|1977 DRAFT QUICK FACTS|
|DATE: JUNE 14, 1977|
The 15th NHL Amateur Draft marked the end of an era in the intense fight
between the NHL and its rival major league, the WHA. As the draft, originally
scheduled for May 31, 1977, drew near, the NHL and WHA were already discussing a
merger or another scenario in which the NHL would absorb the top WHA teams.
After five years of struggle over signing draft choices -- a period that drove
salaries up to crippling levels for both leagues -- a light had appeared at the
end of the tunnel and the draft would no longer be overshadowed by the big
In 1977, the NHL had an even greater concern than the 5-year-old WHA
squabble. The same financial pressures that had threatened to drive Kansas City
out of the NHL a year earlier were now hovering over the Cleveland franchise. As
draft day approached, the Cleveland franchise was on the brink of folding. The
situation was so desperate that the NHL delayed its draft until June 14, 1977,
in order to determine if Cleveland would be returning to the league.
Fortunately, the Barons were able to solve their financial woes (at least on
a temporary basis) and the event went ahead with a full 18 teams. The delayed
start pushed the NHL draft to just two days before the WHA draft, thereby
eliminating much of the lead time the league could have used in signing players
before they were selected by WHA teams. This was no longer a major concern,
however, since the leagues appeared poised to make peace. The true resolution
would ultimately be delayed by a year, but the end was already in sight.
Despite the suddenly friendlier climate between the leagues, the NHL chose to
maintain a degree of secrecy around the 1977 draft. Once again, the draft was
conducted via conference call, and its results were not heavily publicized
so as to keep the information away from WHA clubs fighting to sign the same
junior players. This would mark the last time such behavior was necessary, and
in future years the draft would evolve into a very public event.
NHL executives made a significant change in the draft rules for 1977. Teams
were told that if they did not sign a player within one year of the draft -- up
to 48 hours before the next draft -- that player would be allowed to re-enter in
1978 if he wished. An NHL team faced more pressure to decide if they wanted to
keep a player in the organization, cutting its window of time from two years to
one. Players enjoyed more freedom to get away from a team they did not wish to
join, but the teams received the benefit of cutting down the number of potential
free agents in a bid to control rookie salary escalation.
The big winner in 1977 was U.S. college hockey, which set a record with 49
players selected from its ranks. Europeans were in less demand than the previous
year, as only three Finnish and two Swedish players were drafted. The NHL was
also a winner -- dominating the WHA in the final year of all-out signing wars.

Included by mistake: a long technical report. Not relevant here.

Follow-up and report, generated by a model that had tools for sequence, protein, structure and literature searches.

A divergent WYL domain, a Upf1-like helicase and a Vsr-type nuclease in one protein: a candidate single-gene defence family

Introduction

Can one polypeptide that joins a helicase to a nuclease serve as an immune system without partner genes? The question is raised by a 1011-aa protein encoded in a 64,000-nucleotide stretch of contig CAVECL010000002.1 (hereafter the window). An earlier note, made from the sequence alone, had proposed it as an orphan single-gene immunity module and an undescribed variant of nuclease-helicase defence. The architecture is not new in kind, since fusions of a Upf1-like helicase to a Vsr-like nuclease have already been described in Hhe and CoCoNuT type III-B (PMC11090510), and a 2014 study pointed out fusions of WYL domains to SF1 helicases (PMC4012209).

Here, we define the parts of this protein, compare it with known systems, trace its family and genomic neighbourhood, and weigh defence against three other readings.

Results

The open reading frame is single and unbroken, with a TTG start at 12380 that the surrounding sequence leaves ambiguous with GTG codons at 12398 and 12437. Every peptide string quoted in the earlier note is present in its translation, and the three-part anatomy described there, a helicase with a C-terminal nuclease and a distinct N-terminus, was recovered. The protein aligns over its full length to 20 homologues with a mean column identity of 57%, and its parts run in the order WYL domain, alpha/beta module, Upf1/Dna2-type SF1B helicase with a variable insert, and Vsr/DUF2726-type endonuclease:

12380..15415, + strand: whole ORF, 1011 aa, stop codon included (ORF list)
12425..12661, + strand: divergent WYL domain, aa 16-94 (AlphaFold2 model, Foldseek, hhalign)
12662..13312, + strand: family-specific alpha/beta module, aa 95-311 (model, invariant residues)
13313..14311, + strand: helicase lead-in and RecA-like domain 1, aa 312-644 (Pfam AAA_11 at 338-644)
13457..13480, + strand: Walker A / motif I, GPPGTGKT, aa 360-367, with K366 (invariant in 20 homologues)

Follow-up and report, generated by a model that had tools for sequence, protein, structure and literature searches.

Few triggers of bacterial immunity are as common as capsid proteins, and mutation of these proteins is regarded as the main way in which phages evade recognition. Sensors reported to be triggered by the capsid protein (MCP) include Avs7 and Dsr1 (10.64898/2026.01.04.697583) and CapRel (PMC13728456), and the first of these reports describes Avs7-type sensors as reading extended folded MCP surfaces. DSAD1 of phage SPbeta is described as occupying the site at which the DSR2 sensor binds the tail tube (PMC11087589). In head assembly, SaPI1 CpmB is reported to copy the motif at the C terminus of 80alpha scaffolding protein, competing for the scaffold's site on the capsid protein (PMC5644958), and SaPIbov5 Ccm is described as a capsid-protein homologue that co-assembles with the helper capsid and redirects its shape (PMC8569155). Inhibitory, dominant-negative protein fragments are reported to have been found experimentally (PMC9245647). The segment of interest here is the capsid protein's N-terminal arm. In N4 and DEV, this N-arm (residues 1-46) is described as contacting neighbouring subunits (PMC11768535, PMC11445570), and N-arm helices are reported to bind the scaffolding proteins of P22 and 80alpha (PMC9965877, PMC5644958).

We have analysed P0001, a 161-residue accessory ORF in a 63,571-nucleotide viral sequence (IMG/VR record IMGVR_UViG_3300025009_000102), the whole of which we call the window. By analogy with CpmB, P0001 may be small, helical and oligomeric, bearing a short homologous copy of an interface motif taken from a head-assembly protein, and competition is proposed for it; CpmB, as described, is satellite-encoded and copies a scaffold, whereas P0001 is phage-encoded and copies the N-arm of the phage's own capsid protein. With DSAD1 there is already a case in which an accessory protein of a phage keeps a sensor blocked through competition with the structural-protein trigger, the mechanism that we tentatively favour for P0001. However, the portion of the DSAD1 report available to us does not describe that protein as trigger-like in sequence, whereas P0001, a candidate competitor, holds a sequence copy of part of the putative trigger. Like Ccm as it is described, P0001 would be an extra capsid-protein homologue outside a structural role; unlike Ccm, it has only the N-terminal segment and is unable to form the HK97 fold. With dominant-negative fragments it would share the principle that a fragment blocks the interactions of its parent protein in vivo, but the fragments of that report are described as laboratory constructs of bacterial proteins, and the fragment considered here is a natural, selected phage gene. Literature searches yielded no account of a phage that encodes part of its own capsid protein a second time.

Top picks Dale McCourt and Barry Beck signed within days of the draft, and the
WHA was able to keep just one first-round junior (Scott Campbell) out of the
|Eligible For Draft: All amateur players born before
January 1, 1958.|
Order: Teams drafted in reverse order of their 1976-77 finish.
There was no set number of rounds. Teams had the right to pass in any round, and
the draft continued until all teams were done selecting. Buffalo passed in
Round 7 but re-entered in Round 8 to trade its next four picks to Philadelphia
before passing again in Round 12. Pittsburgh passed in Round 7 but re-entered
in Round 8 to trade its next five picks to Philadelphia before passing again
in Round 13. Vancouver and Los Angeles passed in Round 8. Cleveland and Boston
passed in Round 9. Colorado, Chicago, Minnesota, St. Louis, Atlanta and
Toronto passed in Round 10. Washington passed in Round 11. Philadelphia passed
in Round 12. N.Y. Rangers passed in Round 13. N.Y. Islanders and Montreal
passed in Round 16, leaving only Detroit to pick in Rounds 16 and 17.
Detroit, Colorado, Washington, Vancouver, Cleveland, Chicago, Minnesota, N.Y.
Rangers, St. Louis, Atlanta, Toronto, Pittsburgh, Los Angeles, Buffalo, N.Y.
Islanders, Boston, Philadelphia, Montreal.
Total Rounds: Seventeen
Cost to Draft:
The NHL paid the CMJHL $1,000 for each major-junior player selected, plus
another $4,000 for each player who signed an NHL contract. Every time a
drafted player completed a set of 40 NHL games (up to 120 games), his NHL team
would pay $5,000 to his last major-junior team. No NHL team was required to
pay more than $15,000 of this "developmental" money for any single player.
Team could offer player contract at any time after draft. Players who did
not sign within the following year -- up to 48 hours before the next draft --
would be eligible to re-enter the draft in 1978 if they chose to do so.
Otherwise, they would have to wait for at least one more year before becoming
unrestricted free agents.
|No. 1 pick: Dale McCourt (by Detroit)|
NHL: 97 players (52.4 percent)
Won Stanley Cup: 8 players
Most NHL Games: Gordie Roberts (1,097 games)
Playoff Games: John Tonelli (172 games)
Highest Pick to Miss:
No. 42 (Guy Lash)
Lowest Pick to Reach: No. 184 (Val James)
185 (104 forwards, 57 defense, 24 goalies)
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